Growers in the Mexican state of Sonora estimate that they have suffered as much as US$250m in lost sales as a result of the US salmonella Saintpaul outbreak that was linked to everything from tomatoes to cilantro and peppers.

Despite the US Food and Drug Administration (FDA) now establishing Mexican-grown jalapeño and serrano peppers as the possible source of the contamination, the state’s Regional Union of Fruit and Vegetable Producers says false links have cost growers millions of dollars.

Union president Enrique Carrasco Gutiérrez told Notimex that the losses were registered despite the fact that the produce implicated with the outbreak, tomatoes and chiles, are not the principal fruit and vegetable products grown in the region.

Mr Carrasco Gutiérrez said that although the tomato, and in the case of Sonora, pepper alerts proved false, the continuation of the topic in the media has meant that the region’s growers have been unable to export their products.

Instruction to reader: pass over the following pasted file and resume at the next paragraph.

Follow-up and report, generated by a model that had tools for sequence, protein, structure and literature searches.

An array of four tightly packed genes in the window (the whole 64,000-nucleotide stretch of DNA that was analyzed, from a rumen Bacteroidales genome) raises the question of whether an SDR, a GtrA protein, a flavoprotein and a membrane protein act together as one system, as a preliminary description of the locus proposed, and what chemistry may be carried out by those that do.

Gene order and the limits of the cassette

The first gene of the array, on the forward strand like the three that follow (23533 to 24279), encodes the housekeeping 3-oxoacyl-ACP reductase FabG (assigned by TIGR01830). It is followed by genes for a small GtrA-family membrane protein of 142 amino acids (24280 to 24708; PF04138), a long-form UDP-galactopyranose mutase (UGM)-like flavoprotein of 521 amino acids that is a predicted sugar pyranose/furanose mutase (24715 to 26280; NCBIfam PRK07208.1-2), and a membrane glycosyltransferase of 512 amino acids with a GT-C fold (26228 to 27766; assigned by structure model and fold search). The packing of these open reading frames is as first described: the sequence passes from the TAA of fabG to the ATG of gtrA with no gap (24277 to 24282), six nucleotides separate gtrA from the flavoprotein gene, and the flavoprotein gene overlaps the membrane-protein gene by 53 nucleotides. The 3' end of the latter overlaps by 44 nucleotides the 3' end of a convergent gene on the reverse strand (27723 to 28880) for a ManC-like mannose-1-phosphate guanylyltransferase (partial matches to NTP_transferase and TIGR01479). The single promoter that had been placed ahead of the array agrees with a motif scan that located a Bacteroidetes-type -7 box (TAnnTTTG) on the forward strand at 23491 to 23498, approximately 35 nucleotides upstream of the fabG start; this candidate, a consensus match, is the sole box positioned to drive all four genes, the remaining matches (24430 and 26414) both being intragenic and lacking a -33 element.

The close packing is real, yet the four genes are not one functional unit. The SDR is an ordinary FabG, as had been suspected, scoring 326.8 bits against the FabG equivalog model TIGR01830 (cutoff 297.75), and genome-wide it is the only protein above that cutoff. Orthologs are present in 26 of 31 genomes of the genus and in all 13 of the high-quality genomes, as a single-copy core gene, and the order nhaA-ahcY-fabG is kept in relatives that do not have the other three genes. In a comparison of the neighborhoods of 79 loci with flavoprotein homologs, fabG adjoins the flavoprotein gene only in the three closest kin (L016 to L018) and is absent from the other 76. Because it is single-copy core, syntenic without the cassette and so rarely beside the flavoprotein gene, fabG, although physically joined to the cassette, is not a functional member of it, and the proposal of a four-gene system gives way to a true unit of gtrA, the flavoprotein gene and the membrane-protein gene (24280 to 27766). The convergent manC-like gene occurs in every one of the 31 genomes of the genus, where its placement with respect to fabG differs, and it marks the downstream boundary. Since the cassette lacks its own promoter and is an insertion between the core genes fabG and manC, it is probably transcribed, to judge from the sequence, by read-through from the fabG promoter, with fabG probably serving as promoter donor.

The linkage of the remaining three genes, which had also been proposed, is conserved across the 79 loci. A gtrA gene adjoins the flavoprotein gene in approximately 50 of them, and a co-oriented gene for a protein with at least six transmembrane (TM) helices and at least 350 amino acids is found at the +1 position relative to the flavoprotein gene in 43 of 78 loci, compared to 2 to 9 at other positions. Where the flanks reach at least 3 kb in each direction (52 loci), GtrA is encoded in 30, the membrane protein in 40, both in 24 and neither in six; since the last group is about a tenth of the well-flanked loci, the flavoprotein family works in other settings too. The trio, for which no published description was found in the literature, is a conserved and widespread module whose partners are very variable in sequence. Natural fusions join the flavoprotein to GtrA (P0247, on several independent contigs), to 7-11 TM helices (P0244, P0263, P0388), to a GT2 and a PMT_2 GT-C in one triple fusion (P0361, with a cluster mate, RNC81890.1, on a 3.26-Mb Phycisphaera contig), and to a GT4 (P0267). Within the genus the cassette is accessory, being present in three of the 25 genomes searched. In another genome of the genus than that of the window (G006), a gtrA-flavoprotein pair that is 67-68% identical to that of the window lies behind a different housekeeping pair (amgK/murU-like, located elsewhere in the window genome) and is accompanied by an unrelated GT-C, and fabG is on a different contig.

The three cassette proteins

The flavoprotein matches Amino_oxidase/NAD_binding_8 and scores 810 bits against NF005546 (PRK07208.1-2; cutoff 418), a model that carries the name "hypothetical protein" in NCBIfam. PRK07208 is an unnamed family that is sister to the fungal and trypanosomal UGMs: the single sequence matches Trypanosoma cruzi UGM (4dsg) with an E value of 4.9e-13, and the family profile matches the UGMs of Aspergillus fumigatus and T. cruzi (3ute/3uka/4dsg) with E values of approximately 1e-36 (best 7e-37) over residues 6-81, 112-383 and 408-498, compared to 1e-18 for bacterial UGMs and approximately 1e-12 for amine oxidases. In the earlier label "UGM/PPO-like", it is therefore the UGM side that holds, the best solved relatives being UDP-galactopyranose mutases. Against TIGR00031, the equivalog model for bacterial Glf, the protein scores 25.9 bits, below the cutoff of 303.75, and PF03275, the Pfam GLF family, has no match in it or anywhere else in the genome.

He said that similar phytosanitary restrictions to exports to the US in 2005 severely affected producers in Sonora and caused considerable economic losses.

Meanwhile, pepper and tomato growers in the neighbouring state of Sinaloa are considering switching to cultivating maize and as a result of losses suffered from the US salmonella scare.

“It could be that we will change the crop to maize and other grains, but this will force many people away from the countryside,” Roberto Compeán, owner of Comercializadora Tochi told El Debate.

The FDA previously announced that contaminated samples of jalapeño and serrano peppers had been traced back to farms in the Mexican state of Tamaulipas, although in the former case the sample was taken at a Texas packing facility.